Murray Urges ABA to Delay Decision and Consider Expert Input on Asbestos Litigation

Feb 10 2003

In a letter to Dennis Archer, Murray warns against hastily implemented medical standards

(WASHINGTON, D.C.) - In a letter to the President-Elect of the American Bar Association, Senator Patty Murray (D-Wash.) today urged the organization to delay a decision on implementing new medical standards for victims of asbestos-related diseases.

The ABA's proposed standards, which are designed to significantly limit asbestos litigation, were compiled without the input of medical and workplace experts who have first-hand experience with the devastating effects of asbestos exposure in Libby, Montana.

A copy of Murray's letter to the ABA follows:

February 10, 2003

Mr. Dennis Archer President-Elect American Bar Association 750 North Lake Shore Drive Chicago, Illinois 60611-3152

Dear Mr. Archer:

I am very concerned that the American Bar Association (ABA) is about to make a hasty decision that could affect millions of Americans who have been exposed to asbestos. I fear the ABA's Commission on Asbestos Litigation has not adequately considered critical input from important medical, public health and industrial hygiene experts. I strongly suggest that the ABA delay reaching a decision this week on the Commission's Report to the House of Delegates and use whatever time is necessary to make its deliberations more inclusive. Otherwise, the ABA's recommendations will be less credible when Congress considers them.

For the past few years, I have been working on asbestos issues in the United States Senate. Like most people, I thought asbestos had been banned years ago. But in 1999, the Seattle Post-Intelligencer ran a series of articles about the ongoing use of asbestos and a disturbing trend in Libby, Montana. As is now widely known, Libby residents suffer from abnormally high rates of asbestosis, lung cancer and mesothelioma from decades of exposure to asbestos-contaminated vermiculite. Since then, I have introduced legislation to finally ban asbestos, to begin a public education campaign and to increase research on asbestos diseases.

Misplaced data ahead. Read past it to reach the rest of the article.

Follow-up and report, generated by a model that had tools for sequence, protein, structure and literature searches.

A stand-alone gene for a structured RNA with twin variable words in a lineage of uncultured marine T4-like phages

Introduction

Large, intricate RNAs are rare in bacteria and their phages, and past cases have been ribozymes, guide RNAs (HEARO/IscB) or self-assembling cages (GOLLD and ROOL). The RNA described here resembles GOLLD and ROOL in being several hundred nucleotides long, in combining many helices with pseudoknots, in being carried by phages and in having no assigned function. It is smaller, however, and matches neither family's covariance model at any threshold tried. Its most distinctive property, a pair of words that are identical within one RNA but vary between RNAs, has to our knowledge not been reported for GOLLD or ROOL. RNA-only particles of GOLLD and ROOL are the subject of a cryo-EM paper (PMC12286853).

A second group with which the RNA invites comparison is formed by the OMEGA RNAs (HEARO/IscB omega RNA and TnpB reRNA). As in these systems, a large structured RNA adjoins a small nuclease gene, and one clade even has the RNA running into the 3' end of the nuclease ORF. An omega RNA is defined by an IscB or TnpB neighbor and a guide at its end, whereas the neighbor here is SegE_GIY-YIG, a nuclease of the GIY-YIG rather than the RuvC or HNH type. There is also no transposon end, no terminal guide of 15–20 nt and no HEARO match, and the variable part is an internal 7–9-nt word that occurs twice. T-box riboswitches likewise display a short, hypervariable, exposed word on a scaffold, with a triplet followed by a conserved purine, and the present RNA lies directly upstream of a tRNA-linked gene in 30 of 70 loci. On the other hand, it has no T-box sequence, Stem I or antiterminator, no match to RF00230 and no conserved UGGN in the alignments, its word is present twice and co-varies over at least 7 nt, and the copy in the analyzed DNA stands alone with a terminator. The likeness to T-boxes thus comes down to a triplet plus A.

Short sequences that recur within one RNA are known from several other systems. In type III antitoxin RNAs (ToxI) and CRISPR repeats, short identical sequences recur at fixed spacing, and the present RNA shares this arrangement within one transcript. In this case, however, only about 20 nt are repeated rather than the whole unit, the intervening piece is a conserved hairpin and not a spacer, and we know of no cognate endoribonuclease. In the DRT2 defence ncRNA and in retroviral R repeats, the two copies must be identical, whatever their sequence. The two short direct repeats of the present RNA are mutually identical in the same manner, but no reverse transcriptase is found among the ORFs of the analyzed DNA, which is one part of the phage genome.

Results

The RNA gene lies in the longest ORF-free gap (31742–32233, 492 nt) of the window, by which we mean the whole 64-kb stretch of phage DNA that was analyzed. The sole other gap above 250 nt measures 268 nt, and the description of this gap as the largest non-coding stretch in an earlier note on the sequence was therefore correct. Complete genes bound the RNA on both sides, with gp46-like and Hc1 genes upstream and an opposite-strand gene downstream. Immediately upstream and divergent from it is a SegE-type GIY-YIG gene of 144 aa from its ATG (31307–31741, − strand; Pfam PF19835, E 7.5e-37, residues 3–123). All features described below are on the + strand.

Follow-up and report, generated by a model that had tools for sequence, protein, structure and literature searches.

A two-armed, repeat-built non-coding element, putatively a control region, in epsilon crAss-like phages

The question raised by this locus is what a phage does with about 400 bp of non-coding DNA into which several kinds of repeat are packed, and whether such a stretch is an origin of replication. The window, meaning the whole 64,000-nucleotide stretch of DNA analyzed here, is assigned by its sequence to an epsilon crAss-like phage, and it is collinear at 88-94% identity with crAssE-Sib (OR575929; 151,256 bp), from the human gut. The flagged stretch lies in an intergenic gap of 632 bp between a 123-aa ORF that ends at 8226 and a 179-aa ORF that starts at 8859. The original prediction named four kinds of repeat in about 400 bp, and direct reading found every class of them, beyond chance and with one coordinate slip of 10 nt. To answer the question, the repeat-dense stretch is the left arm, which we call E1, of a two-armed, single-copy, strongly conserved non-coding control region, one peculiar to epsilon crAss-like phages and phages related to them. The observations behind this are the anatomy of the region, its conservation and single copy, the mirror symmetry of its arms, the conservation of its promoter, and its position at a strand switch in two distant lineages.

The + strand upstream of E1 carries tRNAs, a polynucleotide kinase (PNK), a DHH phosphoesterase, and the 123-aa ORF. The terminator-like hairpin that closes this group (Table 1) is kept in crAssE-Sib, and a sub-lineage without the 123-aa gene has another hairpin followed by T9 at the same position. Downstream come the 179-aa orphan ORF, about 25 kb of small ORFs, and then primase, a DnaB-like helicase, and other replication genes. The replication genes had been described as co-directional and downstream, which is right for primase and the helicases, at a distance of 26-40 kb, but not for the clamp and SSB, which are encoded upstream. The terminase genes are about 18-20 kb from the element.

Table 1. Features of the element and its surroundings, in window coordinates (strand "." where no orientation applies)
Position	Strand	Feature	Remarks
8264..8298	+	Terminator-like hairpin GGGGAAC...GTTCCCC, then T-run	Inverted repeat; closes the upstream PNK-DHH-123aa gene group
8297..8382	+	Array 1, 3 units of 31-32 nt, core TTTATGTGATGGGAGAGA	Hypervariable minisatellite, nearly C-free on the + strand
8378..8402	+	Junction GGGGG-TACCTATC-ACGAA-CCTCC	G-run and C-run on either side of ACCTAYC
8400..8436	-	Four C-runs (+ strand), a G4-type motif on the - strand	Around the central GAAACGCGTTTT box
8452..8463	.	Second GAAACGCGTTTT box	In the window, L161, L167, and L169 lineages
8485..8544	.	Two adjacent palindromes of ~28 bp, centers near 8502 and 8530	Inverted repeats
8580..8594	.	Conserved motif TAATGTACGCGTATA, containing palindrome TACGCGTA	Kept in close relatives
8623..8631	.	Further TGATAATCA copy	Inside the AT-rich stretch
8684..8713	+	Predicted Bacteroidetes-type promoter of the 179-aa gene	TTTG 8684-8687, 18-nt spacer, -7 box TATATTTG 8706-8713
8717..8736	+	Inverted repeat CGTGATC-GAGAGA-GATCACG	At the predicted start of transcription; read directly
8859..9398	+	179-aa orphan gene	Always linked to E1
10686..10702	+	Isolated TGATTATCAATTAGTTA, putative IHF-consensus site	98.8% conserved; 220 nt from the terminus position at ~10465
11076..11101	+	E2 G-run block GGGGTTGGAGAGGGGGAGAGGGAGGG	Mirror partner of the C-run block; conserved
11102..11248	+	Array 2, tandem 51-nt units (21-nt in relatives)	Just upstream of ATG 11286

Given my longstanding interest in this issue, I'm sure you can understand my reaction when leaders of the medical and labor communities told me they had not been adequately consulted by the Commission. Federal public health officials and those responding to the crisis in Libby do not appear to have been given the chance to provide input on the medical standards the House of Delegates is considering this week.

Congressional leaders have indicated asbestos litigation reform legislation will be a high priority in the 108th Congress. While it is appropriate for the ABA to assert itself in this important debate, I believe the ABA's ability to effectively and credibly influence this dialogue will be weakened because of the controversy surrounding the process the Commission used to craft its recommendations.

I ask you to delay the House of Delegate's vote on the proposed medical standards. Before the ABA takes a final position, I encourage you to take the time necessary to gather input from experts.

Mr. Archer, you and your delegates have the power to ensure the ABA maintains a credible voice in the asbestos litigation reform debate in Congress, which has implications millions of Americans. Thank you.


Patty Murray U.S. Senator